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Dictionary of Electrical Engineering

Commonly used terms in the Electrical industry.

common symbol for temperature, usually expressed in degrees Kelvin.
a metal frame which holds a lightning arrester and a cut-out to the top of a utility pole.
term often used to describe, with some ambiguity, two distinct transformer connections — one to simply convert voltage levels in a 3-phase power system, and the other to convert between 3-phase and a 2-phase voltages. Both connections use only two single-phase transformers, one called the main and the other the teaser, arranged in a T
configuration. Details of each configuration are described below. These connections are also often referred to as Scott connections, since they were first proposed by Charles F. Scott.

Conversion of 3-phase voltage levels: In this configuration, the main transformer in the T-connection is a center-tapped unit that is connected between two lines of the three-phase system. The teaser transformer is connected between the center-tap of the main transformer and the third line of the 3-phase power system. Additionally, the coils of the
teaser transformer have 86.6% of the turns in the corresponding coils in the main transformer. The result is a balanced three-phase voltage on the secondary. In most applications, the main and teaser transformers are actually identical, full voltage units with center taps and two 86.6% taps, one with respect to each terminal. This allows main and teaser units to be interchanged, plus it provides for true, 3-phase, 4-wire system with a neutral connection.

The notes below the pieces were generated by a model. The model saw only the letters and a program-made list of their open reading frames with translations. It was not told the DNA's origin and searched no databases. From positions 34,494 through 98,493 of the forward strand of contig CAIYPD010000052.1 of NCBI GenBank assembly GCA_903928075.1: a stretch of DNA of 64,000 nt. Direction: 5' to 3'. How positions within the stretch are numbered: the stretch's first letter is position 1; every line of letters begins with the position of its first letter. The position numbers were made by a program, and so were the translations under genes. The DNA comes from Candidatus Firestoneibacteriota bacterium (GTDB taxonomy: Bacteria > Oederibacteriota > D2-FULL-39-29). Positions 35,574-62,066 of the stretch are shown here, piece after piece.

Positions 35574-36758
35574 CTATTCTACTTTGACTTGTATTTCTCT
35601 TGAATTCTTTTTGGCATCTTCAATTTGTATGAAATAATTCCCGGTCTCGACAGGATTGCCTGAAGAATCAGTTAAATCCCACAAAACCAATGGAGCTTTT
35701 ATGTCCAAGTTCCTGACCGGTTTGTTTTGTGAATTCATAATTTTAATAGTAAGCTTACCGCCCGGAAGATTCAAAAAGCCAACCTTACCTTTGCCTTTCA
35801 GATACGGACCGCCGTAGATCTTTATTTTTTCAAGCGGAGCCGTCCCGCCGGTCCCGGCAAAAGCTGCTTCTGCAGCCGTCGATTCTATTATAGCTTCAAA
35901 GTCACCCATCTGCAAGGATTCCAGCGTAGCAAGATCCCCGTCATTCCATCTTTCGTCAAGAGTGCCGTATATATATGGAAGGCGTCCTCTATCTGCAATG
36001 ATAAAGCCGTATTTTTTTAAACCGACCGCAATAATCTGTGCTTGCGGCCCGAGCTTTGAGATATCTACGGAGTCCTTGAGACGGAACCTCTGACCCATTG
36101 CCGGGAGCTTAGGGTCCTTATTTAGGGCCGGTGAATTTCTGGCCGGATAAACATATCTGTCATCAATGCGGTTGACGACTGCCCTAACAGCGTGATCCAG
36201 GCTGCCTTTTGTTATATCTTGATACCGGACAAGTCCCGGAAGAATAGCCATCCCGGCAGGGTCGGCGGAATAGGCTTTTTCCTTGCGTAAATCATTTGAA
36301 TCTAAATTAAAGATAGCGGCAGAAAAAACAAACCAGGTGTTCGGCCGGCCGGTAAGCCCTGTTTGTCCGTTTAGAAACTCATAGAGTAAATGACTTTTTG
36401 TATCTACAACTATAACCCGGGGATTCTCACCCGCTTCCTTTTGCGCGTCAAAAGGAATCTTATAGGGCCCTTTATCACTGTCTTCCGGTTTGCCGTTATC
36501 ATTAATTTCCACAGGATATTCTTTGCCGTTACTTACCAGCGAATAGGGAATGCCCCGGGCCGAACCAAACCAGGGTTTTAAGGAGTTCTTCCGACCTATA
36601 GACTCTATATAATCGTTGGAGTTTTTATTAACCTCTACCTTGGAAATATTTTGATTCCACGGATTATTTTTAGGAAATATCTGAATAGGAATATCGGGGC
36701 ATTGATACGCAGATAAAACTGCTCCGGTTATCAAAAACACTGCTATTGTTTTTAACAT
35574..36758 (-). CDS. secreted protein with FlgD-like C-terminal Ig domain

See teaser transformer
a instrument used to measure the speed of a rotating device. Several types of tachometers are available. Friction devices are placed against the shaft of the device being measured. Others used magnetic variation or reflected light pulses to determine the speed. Tachometer generators are mounted on the shaft of the device being measured and provide a voltage proportional to the speed. Tach generators are often used in servo systems.
a small generator that is connected to the shaft of a rotating machine and produces an output voltage directly proportional to the rpm of the machine. Typically used for closed-loop speed control.
(1) that part of a memory address held in a direct mapped or set associative cache next to the corresponding line, generally the most significant bits of the address.

(2) a field attached to an object to denote the type of information stored in the object. The tag can flag control objects to prevent misuse. Tags can be used to identify the type of each object and thereby to simplify the instruction set, since, for example, only one ADD instruction would be necessary if each numeric object were tagged with its type (integer vs. real, for example).

(3) a temporary sign which is affixed to a network device to identify particular instructions. An example of this might be placing a tag which indicates "Do Not Close" on a circuit breaker which has been opened to permit downstream work.
tail biting
a frame-by-frame transmission scheme for which the data is convolution-ally encoded so that the encoder begins and ends in the same state, which, however, is unknown to the decoder. The advantage of this scheme is that no tail (overhead) is added to the data to force the encoder into a (by the decoder) known state. Compare with fractional rate loss.
the container for the coils and core of a transformer, which is usually oil-filled for insulation and cooling.
a connection (actually one of several) to a coil, allowing the number of turns in the coil to be varied.
tap changer
a device to change the tap setting on a transformer coil, allowing voltage control. See also tap, tap changing under load.
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